Technical Article

# Open-Circuit and Short-Circuit Tests in Transformers

September 09, 2022 by Amna Ahmad

## A transformer could be tested under no-load and full-load conditions to determine its turns ratio, regulation, and efficiency. However, without fully loading the transformer, it is possible to perform two tests (open-circuit and short-circuit) from which all the important data can be derived. In this article, learn how to analyze the results of open-circuit and short-circuit transformer tests to determine the component values of the transformer equivalent circuit.

To discuss transformer theory accurately, we must take into account some losses associated with transformers. Generally, these losses can be divided into two categories: magnetic, or core, losses, and I2R, or coil loss. The core losses are relatively constant, resulting from the magnetic circuit that does not change much as transformer current changes. Currents cause the I2R, or coil loss, and because currents change, so do the coil losses.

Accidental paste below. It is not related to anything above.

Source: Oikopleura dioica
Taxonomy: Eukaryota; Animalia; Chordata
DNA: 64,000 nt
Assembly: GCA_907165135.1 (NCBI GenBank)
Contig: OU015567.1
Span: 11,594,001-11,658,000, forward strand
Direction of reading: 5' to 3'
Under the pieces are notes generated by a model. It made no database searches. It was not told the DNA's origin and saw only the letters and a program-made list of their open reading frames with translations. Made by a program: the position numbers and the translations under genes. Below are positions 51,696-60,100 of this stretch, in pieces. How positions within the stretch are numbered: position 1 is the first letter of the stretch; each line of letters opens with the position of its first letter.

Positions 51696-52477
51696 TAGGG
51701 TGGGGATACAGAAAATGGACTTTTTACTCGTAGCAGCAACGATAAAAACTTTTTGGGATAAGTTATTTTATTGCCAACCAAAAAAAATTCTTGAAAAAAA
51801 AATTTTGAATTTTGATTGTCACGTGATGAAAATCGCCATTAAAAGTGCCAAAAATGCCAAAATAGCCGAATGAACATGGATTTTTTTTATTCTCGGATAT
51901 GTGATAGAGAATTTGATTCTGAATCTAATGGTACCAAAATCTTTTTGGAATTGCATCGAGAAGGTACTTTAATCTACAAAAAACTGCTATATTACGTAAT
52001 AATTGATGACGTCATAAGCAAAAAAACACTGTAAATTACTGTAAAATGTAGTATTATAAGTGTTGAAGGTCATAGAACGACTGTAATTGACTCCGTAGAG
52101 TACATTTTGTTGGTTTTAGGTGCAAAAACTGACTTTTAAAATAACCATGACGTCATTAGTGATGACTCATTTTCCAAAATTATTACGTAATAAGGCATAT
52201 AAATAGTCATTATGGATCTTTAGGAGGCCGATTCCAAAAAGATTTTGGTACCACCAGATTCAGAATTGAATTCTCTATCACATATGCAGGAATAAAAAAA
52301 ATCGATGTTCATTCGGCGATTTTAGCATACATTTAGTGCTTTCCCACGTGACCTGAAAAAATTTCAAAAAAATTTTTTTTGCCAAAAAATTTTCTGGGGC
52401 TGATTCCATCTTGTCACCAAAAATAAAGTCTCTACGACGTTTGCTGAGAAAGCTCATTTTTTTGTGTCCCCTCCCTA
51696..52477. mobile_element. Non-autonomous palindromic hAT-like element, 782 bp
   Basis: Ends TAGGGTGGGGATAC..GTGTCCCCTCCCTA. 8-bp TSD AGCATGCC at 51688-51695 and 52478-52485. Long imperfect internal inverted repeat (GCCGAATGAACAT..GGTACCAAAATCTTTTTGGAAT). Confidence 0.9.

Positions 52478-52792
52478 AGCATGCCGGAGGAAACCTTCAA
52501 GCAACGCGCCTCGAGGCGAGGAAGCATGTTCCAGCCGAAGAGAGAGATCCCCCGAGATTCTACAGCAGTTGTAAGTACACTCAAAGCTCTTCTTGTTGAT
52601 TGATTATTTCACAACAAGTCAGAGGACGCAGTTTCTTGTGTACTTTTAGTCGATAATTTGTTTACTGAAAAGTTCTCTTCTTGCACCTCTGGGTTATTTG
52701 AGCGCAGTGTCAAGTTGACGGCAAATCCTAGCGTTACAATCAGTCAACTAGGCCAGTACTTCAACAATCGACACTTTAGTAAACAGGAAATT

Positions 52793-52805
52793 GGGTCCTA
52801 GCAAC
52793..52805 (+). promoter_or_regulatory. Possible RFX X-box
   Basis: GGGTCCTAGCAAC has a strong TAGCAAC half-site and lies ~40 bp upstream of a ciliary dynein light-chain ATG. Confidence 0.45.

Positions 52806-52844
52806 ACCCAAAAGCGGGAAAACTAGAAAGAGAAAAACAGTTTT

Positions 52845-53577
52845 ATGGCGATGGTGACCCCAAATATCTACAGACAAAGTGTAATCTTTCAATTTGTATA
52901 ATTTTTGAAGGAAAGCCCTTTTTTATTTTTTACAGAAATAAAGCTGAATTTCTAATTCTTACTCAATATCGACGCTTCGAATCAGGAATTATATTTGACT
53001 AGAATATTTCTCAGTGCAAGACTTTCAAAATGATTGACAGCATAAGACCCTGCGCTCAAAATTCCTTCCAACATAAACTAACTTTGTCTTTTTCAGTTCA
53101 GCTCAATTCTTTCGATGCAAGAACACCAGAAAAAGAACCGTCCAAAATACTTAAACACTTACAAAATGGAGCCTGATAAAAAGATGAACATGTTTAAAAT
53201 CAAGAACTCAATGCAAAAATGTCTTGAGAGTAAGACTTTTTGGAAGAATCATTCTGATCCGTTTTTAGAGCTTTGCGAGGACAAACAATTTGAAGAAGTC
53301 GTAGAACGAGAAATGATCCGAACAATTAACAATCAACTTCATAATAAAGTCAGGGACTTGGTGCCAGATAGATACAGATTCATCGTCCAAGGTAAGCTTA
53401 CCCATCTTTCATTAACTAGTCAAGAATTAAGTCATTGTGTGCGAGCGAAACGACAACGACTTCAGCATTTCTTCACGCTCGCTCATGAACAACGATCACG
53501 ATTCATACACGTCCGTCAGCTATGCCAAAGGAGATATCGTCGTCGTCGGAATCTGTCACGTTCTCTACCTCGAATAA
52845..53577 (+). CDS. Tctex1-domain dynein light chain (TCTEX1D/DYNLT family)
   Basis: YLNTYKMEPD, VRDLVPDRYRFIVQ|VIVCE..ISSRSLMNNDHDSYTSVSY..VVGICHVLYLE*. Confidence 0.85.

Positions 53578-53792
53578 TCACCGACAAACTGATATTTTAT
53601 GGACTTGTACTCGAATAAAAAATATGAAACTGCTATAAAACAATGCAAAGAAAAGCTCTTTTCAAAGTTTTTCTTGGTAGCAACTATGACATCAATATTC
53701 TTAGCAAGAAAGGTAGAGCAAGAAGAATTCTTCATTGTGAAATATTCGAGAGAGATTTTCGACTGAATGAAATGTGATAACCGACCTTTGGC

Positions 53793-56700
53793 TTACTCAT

All the losses associated with the core of the transformer are magnetic in nature and are relatively constant. The effect of hysteresis and eddy currents do not change much because of current flow; they result from core material and design.

A transformer is just like any electrical circuit or device. When current flows, it always creates a magnetic field and heat. The heat produced by the current flow in a transformer is referred to as the coil, or copper, loss. The formula for calculating this loss is the same as the formula for wattage: I2R.

The important thing to remember about coil loss is that the amount of coil loss is directly related to the current flow through the transformer and manifests itself as heat. To reduce this heat loss, transformer coils may be wound with copper conductors, which have less resistance than aluminum conductors of the same size.